“I never liked that SOB,” said a prominent Stephenville citizen as he told me not to put a U.S. flag in his front yard in honor of Martin Luther King Jr. Day. He did request a flag for the other recognized flag days, though.


He did not initially realize that I was a Rotarian and that he provided a donation for the flag service that raises money for the annual Rotary Leaders of Tomorrow Banquet. This endeavor annually awards several $1,000 grants to high school seniors planning to go to college or trade school.


He did not know that I had the privilege to serve 24 years in the military where Dr. King and what he represents are revered. He did not know that Sid Miller, Texas Agriculture commissioner, messaged his social media platform audience to "get a rope" when I told the Sons of the Confederacy Veterans (SCV) that the confederate battle flags were not welcome on their float in the U.S. Veterans Day Parade. He did not know that my best friend for almost 40 years is a proud black man.


People can debate and Google-research if Confederate soldiers are recognized veterans. I'm not sure anyone can rationally argue that the Confederate battle flag is not a symbol of oppression and racism. For 100 years after the Civil War, the Confederate battle flag reinforced segregation and Jim Crow laws that poisoned our national psyche and harmed countless citizens. There has to be more to “Southern heritage and pride” than a flag used in a four-year war that attempted to retain the cheapest form of human capital, the institution of slavery.


Communities across America are starting to deny the glorification of Confederate battle flags in local parades and events. The Commandant of the Marine Corps has banned the public display of the Confederate flag that inflames feelings of division. Forget the politics; it's a simple question of right and wrong.


Two years ago, I stood on Washington Street with my family and our community to observe the Fourth of July parade. When the float with the Confederate battle flags came by, my teenage nephew from Dallas was shocked and asked me why. I gave him an apologetic "this is small, rural town Texas" answer. I did not observe the float, but watched the body and facial expressions of everyone around me and across the street. To a person young and old, the smiles and laughter vanished. A look of horror, disgust, and shame permeated the crowd.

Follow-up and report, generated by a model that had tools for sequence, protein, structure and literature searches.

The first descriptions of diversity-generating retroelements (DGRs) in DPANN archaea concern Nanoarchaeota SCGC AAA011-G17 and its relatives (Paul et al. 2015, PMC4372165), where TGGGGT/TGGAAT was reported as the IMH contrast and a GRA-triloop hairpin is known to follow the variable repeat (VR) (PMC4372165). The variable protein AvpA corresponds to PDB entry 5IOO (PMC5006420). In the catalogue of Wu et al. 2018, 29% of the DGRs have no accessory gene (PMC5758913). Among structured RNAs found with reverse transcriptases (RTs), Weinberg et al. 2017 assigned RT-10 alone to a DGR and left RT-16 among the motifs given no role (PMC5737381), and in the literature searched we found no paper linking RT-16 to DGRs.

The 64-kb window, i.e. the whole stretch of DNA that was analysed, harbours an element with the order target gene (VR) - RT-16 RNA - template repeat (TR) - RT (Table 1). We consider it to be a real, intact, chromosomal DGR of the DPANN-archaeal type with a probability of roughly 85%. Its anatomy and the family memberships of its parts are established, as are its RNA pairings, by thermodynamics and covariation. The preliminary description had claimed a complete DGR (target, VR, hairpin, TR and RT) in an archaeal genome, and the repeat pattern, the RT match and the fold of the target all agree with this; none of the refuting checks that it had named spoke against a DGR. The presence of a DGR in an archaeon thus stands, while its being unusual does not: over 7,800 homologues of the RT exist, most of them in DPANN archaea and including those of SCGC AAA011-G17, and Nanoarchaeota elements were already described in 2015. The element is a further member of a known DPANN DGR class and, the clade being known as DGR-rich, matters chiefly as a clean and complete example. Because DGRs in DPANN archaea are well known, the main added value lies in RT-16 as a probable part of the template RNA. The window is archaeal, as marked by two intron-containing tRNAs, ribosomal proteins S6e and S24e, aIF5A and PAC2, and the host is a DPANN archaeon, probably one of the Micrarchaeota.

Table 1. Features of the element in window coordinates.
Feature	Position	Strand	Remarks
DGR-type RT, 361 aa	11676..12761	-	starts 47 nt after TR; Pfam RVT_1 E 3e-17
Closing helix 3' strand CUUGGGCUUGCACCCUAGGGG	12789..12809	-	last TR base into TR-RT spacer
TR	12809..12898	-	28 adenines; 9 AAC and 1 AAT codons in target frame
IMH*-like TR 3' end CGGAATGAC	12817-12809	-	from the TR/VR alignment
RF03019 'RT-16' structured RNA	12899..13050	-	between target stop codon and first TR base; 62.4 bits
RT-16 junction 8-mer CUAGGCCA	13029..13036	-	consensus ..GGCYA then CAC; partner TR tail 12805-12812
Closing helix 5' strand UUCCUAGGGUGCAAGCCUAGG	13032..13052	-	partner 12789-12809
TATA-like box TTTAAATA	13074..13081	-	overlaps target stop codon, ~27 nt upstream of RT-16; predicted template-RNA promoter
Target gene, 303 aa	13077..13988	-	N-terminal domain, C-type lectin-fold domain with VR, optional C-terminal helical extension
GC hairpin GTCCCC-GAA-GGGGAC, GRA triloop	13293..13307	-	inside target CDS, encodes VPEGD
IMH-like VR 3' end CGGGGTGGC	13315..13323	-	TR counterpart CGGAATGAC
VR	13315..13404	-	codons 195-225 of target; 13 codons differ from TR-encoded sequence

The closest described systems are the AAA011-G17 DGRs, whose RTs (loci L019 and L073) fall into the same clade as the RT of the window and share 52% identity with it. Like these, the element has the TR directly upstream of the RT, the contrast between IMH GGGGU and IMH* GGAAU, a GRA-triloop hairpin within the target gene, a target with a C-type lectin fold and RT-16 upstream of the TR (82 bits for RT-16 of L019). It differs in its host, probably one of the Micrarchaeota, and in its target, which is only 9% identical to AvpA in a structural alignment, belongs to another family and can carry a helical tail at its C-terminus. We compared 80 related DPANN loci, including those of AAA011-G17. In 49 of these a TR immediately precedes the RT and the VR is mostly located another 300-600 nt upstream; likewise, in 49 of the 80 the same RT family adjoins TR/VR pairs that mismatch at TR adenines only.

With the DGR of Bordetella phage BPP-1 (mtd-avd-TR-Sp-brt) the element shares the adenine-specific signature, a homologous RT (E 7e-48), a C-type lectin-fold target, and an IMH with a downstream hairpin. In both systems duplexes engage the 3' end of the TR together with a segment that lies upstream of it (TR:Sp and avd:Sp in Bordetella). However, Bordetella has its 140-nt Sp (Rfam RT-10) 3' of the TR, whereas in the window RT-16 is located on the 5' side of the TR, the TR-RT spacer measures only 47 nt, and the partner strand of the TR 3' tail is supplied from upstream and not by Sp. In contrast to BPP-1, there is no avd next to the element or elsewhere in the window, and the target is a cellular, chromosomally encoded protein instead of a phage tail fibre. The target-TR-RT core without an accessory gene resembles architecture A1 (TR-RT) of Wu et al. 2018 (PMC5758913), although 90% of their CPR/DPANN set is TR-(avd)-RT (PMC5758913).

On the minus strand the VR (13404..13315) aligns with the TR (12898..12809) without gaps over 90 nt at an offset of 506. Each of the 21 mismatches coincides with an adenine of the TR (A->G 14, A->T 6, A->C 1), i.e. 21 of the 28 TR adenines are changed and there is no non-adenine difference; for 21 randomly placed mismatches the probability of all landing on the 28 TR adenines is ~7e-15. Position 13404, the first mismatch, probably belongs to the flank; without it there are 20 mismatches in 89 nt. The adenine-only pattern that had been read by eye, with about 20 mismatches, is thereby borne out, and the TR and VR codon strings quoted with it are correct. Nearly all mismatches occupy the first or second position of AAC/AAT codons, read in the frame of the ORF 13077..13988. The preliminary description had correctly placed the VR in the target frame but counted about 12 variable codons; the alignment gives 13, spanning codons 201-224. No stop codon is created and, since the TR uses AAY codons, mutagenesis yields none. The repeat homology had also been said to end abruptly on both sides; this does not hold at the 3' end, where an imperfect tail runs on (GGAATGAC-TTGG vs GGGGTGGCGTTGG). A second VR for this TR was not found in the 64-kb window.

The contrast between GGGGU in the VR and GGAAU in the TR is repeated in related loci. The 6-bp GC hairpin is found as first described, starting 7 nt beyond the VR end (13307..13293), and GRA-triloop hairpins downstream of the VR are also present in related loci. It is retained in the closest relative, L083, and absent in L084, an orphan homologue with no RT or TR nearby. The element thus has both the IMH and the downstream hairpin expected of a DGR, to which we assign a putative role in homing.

In that moment, I decided not to allow Confederate battle flags to be glorified in a parade, if ever put in a position of authority. I do regret making the terrible mistake of not informing the SCV in advance that Confederate battle flags were not welcome in the US Veterans Day Parade. The curses levied at me that morning were partially warranted.


That morning another prominent Stephenville citizen came up to me and said, "Not in Stephenville," over and over again. She is not as old as my great-grandmother, but both grew up in a segregated America. I'll never forget as a young teenager, my great-grandmother asked me where my “little n-word friend” was because we were always together. I knew she loved him as much as I did, but she was conditioned to think that way. My kids call that man “Uncle Nathan.”


We must break the vicious cycle; symbols matter. The Confederate battle flag belongs in a museum, right next to the displays about genocide or the museums commemorating the victims of the Holocaust.


The era of slavery, oppression, and segregation are a part of the same evil human condition in history.


Always an eternal optimist, I’m a realist at the end of the day. I wish I had the confidence that this community can muster the moral courage to do what is right, and leave the ugliest part of our past behind.


Ron Henry Jr./Stephenville